Industry experts said Thursday that it remains unlikely that Research In Motion Ltd. will be forced to shut down its wireless e-mail service as a result of its patent litigation with NTP Inc. But if the company does indeed unplug its BlackBerry network, analysts said, a familiar list of companies could be viewed as potential replacements.
In the latest twist to the suit, first filed by NTP in 2001, a U.S. District Judge last week rejected RIMs request to delay the patent infringement case and reinforced a 2003 decision that ordered the company to nix its e-mail services and halt sales of its BlackBerry handhelds in the United States.
However, RIM maintains that if and when that ruling is finally enforced, after the company has run out of legal appeals, it has a workaround ready that will keep its e-mail services up and running without relying on technologies owned by NTP.
Most industry watchers agree that the chances are slim that RIM, based in Waterloo, Ontario, will be forced to shut down its BlackBerry service, arguing that the firm would rather settle with NTP than leave its estimated 3.5 million mobile e-mail subscribers in the dark.
But on the off chance that RIM is eventually shut out, or the workaround fails, anlysts agree that a list of potential suitors could attempt to grab customers in the aftermath.
Two of the names that come up most frequently as potentially providing a replacement for RIMs mobile e-mail services are technology giants Microsoft Corp. and Nokia Corp., both of which have been pushing hard to raise their presence in the space, in particular among the business clients that make up the bulk of BlackBerrys existing customers.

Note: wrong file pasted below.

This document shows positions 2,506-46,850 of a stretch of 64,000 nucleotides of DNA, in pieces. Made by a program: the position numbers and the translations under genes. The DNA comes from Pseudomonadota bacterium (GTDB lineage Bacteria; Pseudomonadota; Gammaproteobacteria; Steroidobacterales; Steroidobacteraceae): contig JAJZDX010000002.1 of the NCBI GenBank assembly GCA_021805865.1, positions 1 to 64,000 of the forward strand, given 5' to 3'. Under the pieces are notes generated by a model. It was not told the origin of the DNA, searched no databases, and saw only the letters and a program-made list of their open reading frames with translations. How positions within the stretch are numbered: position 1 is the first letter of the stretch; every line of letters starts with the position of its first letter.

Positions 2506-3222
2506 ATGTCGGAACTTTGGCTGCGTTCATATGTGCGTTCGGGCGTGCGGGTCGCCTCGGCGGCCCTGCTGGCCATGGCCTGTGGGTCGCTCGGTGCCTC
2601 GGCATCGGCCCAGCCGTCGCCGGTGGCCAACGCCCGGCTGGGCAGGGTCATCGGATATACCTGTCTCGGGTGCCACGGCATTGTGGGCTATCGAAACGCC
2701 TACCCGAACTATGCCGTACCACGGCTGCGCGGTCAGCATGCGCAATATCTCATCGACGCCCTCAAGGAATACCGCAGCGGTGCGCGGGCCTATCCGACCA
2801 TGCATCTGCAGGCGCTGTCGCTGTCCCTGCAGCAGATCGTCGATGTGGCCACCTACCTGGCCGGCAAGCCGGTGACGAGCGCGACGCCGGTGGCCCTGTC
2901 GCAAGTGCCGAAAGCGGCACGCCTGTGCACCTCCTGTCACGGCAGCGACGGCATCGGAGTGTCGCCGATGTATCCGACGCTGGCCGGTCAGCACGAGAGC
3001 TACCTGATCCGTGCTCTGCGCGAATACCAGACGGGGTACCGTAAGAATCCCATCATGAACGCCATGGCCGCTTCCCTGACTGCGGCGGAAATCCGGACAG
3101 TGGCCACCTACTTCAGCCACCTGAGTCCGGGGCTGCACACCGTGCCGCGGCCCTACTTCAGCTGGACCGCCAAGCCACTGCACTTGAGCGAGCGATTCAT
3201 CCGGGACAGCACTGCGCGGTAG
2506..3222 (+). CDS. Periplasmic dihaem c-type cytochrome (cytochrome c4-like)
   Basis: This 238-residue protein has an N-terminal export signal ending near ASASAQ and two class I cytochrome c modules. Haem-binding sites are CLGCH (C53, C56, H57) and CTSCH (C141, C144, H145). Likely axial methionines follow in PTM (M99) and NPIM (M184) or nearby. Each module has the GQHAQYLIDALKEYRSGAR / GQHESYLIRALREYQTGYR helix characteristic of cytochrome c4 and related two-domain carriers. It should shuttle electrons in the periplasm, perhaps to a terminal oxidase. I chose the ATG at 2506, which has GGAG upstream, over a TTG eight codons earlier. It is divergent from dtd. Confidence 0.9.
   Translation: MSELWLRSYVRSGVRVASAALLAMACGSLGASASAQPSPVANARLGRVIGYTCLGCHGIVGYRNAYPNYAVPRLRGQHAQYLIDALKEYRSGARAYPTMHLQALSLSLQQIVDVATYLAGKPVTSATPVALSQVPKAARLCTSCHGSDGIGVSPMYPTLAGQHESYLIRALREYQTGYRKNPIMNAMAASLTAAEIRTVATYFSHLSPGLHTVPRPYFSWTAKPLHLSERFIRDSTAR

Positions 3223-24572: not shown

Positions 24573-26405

Analysts said that either firm would love to increase its own user ranks at RIMs expense, and that customers might be willing to listen.
In addition to marketing the type of e-mail server software necessary to serve as the brains behind such a wireless network, experts said the two firms could likely bankroll programs aimed at moving large numbers of users over to their respective technologies.
“Both Nokia and Microsoft can bring a lot of weight to bear on this if they need to in terms of offering discounted devices, or subsidizing a swap in the name of building market share,” said Charles Golvin, an analyst with Forrester Research Inc. in Cambridge, Mass. “Itd likely be a battle of the behemoths, as others could have problems making those types of investments.”
Officials at Microsoft, based in Redmond, Wash., said they had no marketing plans to try to capitalize on the uncertainties about RIMs future. Instead, Microsoft plans to stay the course with its established plan to roll out a software combo that it will pitch as a competitor to RIMs BlackBerry platform, said Jeff Ressler, director of Exchange marketing.
Microsofts push e-mail solution consists of two parts: Exchange Server 2003 Service Pack 2, which Microsoft made available for download in October, and the Windows Mobile 5.0 Messaging and Security Feature Pack, which Microsoft said will be widely available in early 2006.